|Name||Manor Academy Sale|
|Ofsted Inspection Rating||Good
This inspection rating relates to a predecessor school. When a school, converts to an academy, is taken over or closes and reopens as a new school a formal link is created between the new school and the old school, by the Department for Education. Where the new school has not yet been inspected, we show the inspection history of the predecessor school, as we believe it still has significance.
|Inspection Date||19 November 2013|
|Address||Manor Avenue, Sale, Cheshire, M33 5JX|
|Religious Character||Does not apply|
|Number of Pupils||158 (63% boys 37% girls)|
|Academy Sponsor||The Sovereign Trust|
|Percentage Free School Meals||40.4%|
|Percentage English is Not First Language||8.9%|
|Pupils with SEN Support||0%|
|Catchment Area Information Available||No|
|Last Distance Offered Information Available||No|
Highlights from Latest Inspection:
Information about this school
Manor High School makes provision for secondary age and sixth form students who have statements of special educational for moderate learning difficulties. A large majority have additional complex needs including autism spectrum conditions, speech, language and communication difficulties and physical disabilities. Since the previous inspection, there has been a significant increase in the number of students who have additional social, emotional and behavioural difficulties. The proportion of students entitled to support from the pupil premium (additional funding for those known to be eligible for free school meals, those from service families or those looked after by the local authority) is almost twice the national average. The proportion of students from minority ethnic groups is lower than the national average and only a very few students speak English as an additional language. Only a third of students are girls. The school does not make use of alternative provision but individual students access some occasional sessions at Trafford College. Since the previous inspection there have been a number of changes in staffing, including the appointment of a new headteacher and other senior and middle leaders. The school did not have a deputy headteacher in school at the time of the inspection but a new appointment has been made for January 2014. The Chair of the Governing Body was very recently appointed to the post.
Summary of key findings for parents and pupils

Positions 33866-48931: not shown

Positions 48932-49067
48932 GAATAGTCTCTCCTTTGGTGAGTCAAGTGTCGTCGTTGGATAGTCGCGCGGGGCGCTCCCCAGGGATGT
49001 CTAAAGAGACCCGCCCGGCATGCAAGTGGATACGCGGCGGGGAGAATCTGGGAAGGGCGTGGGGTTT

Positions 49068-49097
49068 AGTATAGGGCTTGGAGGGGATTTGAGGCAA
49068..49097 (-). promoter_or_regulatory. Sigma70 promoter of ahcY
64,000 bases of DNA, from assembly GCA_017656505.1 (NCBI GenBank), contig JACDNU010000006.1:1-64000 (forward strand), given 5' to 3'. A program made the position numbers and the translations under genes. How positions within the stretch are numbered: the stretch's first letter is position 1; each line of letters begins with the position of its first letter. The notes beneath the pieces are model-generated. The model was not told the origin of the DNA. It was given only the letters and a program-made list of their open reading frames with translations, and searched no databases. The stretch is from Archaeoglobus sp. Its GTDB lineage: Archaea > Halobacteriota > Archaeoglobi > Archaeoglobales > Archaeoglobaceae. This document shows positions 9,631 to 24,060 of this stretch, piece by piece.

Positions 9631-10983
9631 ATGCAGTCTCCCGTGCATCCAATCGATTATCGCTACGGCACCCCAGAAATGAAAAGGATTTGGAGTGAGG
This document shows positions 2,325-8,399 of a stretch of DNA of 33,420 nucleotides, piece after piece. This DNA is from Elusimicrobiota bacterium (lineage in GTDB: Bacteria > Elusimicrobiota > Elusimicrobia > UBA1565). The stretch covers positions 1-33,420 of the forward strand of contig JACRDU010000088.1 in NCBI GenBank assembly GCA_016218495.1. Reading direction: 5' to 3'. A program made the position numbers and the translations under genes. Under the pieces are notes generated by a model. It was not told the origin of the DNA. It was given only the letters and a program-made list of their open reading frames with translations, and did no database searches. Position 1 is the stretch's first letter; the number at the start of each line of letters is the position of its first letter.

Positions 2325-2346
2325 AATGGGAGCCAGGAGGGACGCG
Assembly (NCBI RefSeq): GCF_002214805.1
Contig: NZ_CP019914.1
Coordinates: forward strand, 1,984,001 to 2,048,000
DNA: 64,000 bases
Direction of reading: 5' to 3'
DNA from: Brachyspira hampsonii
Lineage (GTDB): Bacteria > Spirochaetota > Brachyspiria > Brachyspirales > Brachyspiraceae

This is a good school. From low starting points, all groups of students make good or better progress in all subjects. The recent introduction of a structured programme has resulted in a large majority of students making rapid progress in their reading skills. Teaching across the school, including in the sixth form, is almost always good and sometimes it is outstanding. Teachers continually evaluate what students have learned to inform planning of next lessons. Students’ behaviour is good overall. Parents believe that their children are safe and happy in school. Students enjoy warm and supportive relationships with staff and make great strides in their personal and social development. Following the arrival of the current headteacher, a number of new initiatives have been put in place to monitor and improve the work of the school. She has been enthusiastically supported, particularly by senior and middle leaders, because they can see the benefits for students and share her vision for school development. The members of the governing body have taken steps to improve their knowledge of the day-to-day work of the school. They all have links to subjects or aspects of the school’s work and this has enabled them to challenge and support the work of the school very effectively. The sixth form is good. It provides personalised programmes which are well-matched to the needs of each student so that when they leave the school they are very well prepared for their future lives. It is not yet an outstanding school because : Occasionally, teaching does not challenge the highest-ability learners to achieve as well as they might in all lessons. Teaching assistants are not used often enough to support the learning of these students. Sometimes, students are not given enough time to think through and answer questions. As a result of their special educational needs, a very small minority of students can present with difficult behaviour. Strategies and systems for managing these behaviours are new and are not yet always followed consistently.